Taken alone, they’re not significant. Taken as a group, they just may give us an idea what Howie Roseman is thinking.
Roseman isn’t doing interviews these days, but we can get a sense of what he's thinking by what he's doing.
On Sept. 30, the Eagles shipped Johnathan Cyprien to the Falcons for Duke Riley. Cyprien is 29, Riley is 25.
On Oct. 14, they released Zach Brown, which meant playing time for T.J. Edwards. Brown is 30, Edwards is 23.
On Nov. 5, they waived Andrew Sendejo and signed Marcus Epps. Sendejo is 32, Epps is 23.
This might not be a trend, but it’s definitely a pattern.
The Eagles’ roster as Roseman built it through the spring and summer was too old.
We all knew it. We all saw it.
When the season began, the Eagles’ had the third-oldest roster in the NFL, and it wasn’t surprising to anybody when three of the most prominent older Eagles — 37-year-old Jason Peters, 36-year-old Darren Sproles and 32-year-old DeSean Jackson — suffered significant injuries.
You can win in the NFL with an older roster. The Patriots are the oldest team in the league, and the Saints and Chiefs are all among the top six in age. But it's risky because older players get hurt more often and generally start declining in their early 30s. You just can never predict when.
Any decent GM is going to have his eye not just on the current roster but the future roster, and if your older players aren’t producing, they’re just wasting space and blocking young guys who may develop into contributors.
Duke Riley? Who knows. He’s a linebacker by trade but has only played 11 snaps on defense in five games, although he has averaged 19 special teams snaps.
Marcus Epps? Who knows. He just got here, but he’s awfully small for a safety, although he should contribute on special teams if he gets on the field.
Why not at least get a look at younger guys when the older guys are giving you nothing?
The most significant beneficiary of these roster moves has been Edwards, who had 12 defensive snaps the first six games of the year but has 54 in three games since Brown was released.
If you have a guy 31 or 32 who’s able to stay healthy and play at a high level, there’s nothing wrong with that. But it’s actually unusual. Only two Eagles since Brian Dawkins more than a decade ago have started 16 games after their 32nd birthday — Evan Mathis and Jason Peters.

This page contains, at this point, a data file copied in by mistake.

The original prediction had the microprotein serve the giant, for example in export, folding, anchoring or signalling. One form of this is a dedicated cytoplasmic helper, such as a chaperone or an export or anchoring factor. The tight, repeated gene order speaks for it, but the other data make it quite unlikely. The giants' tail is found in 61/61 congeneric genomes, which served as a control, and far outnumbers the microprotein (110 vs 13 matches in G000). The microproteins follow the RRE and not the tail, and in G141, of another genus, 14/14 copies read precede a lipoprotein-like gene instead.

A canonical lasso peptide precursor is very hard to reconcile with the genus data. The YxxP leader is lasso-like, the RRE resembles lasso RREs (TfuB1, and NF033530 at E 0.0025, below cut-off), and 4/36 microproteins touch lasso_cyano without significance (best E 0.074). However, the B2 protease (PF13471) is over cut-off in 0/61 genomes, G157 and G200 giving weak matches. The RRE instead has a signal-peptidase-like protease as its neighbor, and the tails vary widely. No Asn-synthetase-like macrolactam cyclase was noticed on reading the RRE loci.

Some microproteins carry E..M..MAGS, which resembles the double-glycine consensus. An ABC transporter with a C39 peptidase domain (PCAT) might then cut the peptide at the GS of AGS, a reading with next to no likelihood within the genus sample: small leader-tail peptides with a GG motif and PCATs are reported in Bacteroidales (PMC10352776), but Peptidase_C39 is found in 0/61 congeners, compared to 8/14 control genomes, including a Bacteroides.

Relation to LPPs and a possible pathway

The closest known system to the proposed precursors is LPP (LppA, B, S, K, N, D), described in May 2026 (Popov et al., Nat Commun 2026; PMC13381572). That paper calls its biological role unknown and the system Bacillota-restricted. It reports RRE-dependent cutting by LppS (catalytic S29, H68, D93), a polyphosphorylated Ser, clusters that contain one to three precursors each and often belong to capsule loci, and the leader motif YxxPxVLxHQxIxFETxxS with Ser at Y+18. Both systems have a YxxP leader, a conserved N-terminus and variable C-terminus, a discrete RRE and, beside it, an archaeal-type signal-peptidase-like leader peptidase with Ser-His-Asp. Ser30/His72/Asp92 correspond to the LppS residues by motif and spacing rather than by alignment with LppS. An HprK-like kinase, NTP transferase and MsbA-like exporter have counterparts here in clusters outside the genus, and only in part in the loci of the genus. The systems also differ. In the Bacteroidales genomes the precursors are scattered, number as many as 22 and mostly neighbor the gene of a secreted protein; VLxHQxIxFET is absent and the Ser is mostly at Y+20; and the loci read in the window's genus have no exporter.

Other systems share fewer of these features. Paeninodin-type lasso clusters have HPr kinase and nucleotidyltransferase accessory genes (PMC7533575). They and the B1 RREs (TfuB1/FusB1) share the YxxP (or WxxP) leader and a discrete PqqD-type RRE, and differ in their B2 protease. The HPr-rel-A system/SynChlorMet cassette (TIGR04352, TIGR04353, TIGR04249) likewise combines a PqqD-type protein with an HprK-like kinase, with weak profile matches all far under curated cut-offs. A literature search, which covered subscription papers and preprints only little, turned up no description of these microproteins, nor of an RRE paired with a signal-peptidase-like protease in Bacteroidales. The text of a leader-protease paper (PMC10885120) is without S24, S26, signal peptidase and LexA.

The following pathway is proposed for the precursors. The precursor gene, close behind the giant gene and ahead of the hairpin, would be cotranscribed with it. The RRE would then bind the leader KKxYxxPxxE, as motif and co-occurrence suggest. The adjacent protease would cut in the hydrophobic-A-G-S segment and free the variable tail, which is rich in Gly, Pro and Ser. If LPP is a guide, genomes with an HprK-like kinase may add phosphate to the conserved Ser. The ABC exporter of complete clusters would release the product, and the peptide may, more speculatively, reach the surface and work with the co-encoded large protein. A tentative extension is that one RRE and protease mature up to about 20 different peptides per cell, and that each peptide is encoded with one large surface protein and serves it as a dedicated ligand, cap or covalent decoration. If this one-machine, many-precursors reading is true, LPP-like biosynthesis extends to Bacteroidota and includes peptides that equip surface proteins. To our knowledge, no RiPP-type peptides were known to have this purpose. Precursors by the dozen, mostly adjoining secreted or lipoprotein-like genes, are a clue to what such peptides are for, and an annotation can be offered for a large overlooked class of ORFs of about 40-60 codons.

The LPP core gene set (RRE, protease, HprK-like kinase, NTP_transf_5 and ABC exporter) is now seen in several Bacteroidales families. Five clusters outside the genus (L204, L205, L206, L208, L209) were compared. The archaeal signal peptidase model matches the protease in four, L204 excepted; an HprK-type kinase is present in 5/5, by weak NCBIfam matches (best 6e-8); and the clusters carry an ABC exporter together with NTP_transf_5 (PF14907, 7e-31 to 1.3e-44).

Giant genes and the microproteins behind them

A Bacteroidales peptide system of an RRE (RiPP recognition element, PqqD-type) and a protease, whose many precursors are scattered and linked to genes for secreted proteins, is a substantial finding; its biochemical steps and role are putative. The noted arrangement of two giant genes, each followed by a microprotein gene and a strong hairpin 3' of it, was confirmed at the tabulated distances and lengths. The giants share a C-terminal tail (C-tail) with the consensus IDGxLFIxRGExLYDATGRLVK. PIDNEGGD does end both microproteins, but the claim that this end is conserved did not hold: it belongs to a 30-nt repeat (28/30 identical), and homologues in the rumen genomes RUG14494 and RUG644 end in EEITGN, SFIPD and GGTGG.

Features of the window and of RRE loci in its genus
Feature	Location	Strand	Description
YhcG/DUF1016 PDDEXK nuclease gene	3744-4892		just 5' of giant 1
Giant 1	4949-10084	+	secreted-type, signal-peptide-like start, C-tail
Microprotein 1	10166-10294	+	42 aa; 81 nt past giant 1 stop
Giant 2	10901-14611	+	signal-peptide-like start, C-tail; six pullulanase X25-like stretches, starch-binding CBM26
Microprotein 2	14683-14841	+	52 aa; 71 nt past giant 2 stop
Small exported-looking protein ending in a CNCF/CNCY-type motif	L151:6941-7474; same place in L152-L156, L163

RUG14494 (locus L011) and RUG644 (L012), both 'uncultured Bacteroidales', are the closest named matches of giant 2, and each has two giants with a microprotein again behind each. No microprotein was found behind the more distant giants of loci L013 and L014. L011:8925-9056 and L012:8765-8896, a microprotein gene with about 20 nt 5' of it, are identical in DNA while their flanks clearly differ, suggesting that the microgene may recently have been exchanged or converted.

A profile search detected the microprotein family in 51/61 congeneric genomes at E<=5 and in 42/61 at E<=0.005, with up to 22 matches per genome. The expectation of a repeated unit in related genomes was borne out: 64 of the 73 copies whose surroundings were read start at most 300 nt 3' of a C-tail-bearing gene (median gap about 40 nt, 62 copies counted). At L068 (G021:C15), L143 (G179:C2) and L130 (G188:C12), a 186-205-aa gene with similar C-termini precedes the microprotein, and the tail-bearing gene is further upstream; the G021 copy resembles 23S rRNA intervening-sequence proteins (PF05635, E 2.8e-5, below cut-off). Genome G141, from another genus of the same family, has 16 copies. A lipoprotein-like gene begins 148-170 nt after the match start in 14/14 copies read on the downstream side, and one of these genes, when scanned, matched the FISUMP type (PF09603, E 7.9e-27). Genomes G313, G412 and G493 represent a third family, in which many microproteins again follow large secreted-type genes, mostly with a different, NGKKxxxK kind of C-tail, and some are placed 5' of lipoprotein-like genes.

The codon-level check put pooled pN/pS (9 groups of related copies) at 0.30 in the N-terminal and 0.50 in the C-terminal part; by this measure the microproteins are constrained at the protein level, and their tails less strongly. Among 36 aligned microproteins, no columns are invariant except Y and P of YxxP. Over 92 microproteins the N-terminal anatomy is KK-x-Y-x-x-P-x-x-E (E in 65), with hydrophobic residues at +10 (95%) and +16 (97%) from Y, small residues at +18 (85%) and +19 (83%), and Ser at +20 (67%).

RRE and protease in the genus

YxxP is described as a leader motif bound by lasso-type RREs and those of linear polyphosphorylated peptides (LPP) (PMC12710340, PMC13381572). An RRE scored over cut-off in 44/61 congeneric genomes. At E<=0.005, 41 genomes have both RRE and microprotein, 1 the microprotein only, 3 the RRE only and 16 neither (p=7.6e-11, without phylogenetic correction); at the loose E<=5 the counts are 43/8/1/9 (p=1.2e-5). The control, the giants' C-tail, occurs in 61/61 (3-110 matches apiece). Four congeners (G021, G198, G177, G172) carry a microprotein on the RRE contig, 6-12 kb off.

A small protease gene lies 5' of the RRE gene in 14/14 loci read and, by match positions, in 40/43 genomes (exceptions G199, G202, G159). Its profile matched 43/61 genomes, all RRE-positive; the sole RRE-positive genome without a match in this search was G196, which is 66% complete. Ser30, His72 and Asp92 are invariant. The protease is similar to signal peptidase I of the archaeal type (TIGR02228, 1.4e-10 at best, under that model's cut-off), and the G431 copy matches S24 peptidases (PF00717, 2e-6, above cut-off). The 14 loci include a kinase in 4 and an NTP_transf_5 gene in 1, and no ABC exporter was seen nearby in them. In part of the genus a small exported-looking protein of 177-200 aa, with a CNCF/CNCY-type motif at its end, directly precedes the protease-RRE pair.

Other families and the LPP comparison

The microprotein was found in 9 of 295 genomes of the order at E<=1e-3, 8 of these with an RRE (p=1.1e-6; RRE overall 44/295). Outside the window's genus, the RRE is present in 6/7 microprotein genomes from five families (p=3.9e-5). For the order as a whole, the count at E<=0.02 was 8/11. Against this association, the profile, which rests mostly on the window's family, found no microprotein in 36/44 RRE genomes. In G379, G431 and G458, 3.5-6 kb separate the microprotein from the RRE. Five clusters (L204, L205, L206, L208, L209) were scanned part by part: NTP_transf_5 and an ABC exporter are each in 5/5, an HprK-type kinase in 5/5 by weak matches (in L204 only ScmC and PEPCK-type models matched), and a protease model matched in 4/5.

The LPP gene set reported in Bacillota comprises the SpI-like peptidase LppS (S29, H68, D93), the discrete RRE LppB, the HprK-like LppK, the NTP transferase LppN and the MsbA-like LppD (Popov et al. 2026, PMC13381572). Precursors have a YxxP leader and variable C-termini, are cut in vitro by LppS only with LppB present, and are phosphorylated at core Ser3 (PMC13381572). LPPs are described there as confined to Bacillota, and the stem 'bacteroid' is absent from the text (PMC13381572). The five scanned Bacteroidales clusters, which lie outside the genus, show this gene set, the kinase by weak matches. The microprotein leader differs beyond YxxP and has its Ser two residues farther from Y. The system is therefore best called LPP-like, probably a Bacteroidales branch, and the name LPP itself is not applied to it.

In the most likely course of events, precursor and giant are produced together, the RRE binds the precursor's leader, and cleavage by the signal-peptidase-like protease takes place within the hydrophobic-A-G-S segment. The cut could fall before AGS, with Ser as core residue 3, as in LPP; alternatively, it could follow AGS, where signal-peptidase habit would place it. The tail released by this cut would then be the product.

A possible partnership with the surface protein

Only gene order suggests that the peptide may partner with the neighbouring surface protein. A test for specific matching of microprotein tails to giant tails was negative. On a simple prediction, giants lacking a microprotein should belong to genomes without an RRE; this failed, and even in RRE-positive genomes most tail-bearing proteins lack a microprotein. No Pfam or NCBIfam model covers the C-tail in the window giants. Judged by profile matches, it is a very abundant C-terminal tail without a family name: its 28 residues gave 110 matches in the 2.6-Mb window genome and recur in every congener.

That’s why the Eagles are in dangerous territory.
Most of their key players are 29 or older, and it’s safe to assume that in the next couple years key guys like Jason Kelce, Malcolm Jenkins, Rodney McLeod, Nigel Bradham and Brandon Graham either won’t be here or won’t be the same players. We’ve already seen that dramatic decline in Alshon Jeffery.
If you don’t nail your draft picks — or replenish the roster with young talent in other ways — you’re in trouble.
Don’t get me wrong, I’m not under any illusions that Epps, Riley or Edwards are going to change the world, although I do think Edwards has a chance to be a solid linebacker.
What’s important is that it looks like Roseman finally understands that the roster he put together was too old, that guys like Cyprien, Brown and Sendejo were mistakes, and that if the Eagles are going to be a winning franchise for the next five years they must continue the pattern of getting younger that he's started these last few weeks.
The Eagles are now the 10th-oldest team in the league, which still puts them in the top third, but it’s really what these moves represent.
Roseman didn't have a terrific offseason. Counting so heavily on Peters, Jackson and Sproles was a mistake. Bringing in guys like Sendejo, Brown and Cyprien was a mistake. Guaranteeing Jeffery’s contract was a mistake.
This wasn’t quite Dream Team-level reliance on older veterans, but it was close. And it’s just not a sound way to build a roster.
There are a few encouraging signs. Miles Sanders is getting better every week, and his backfield mate Jordan Howard is very good (although unsigned past this year). Andre Dillard has looked terrific. Derek Barnett has shown flashes. Dallas Goedert is solid.
It’s a long way from watching Duke Riley and Marcus Epps run around on kick return coverage to developing a stable of young Pro Bowl talent.
The Eagles still don’t have any young superstars, but at least they seem to have a general manager that recognizes how badly this team needs them.
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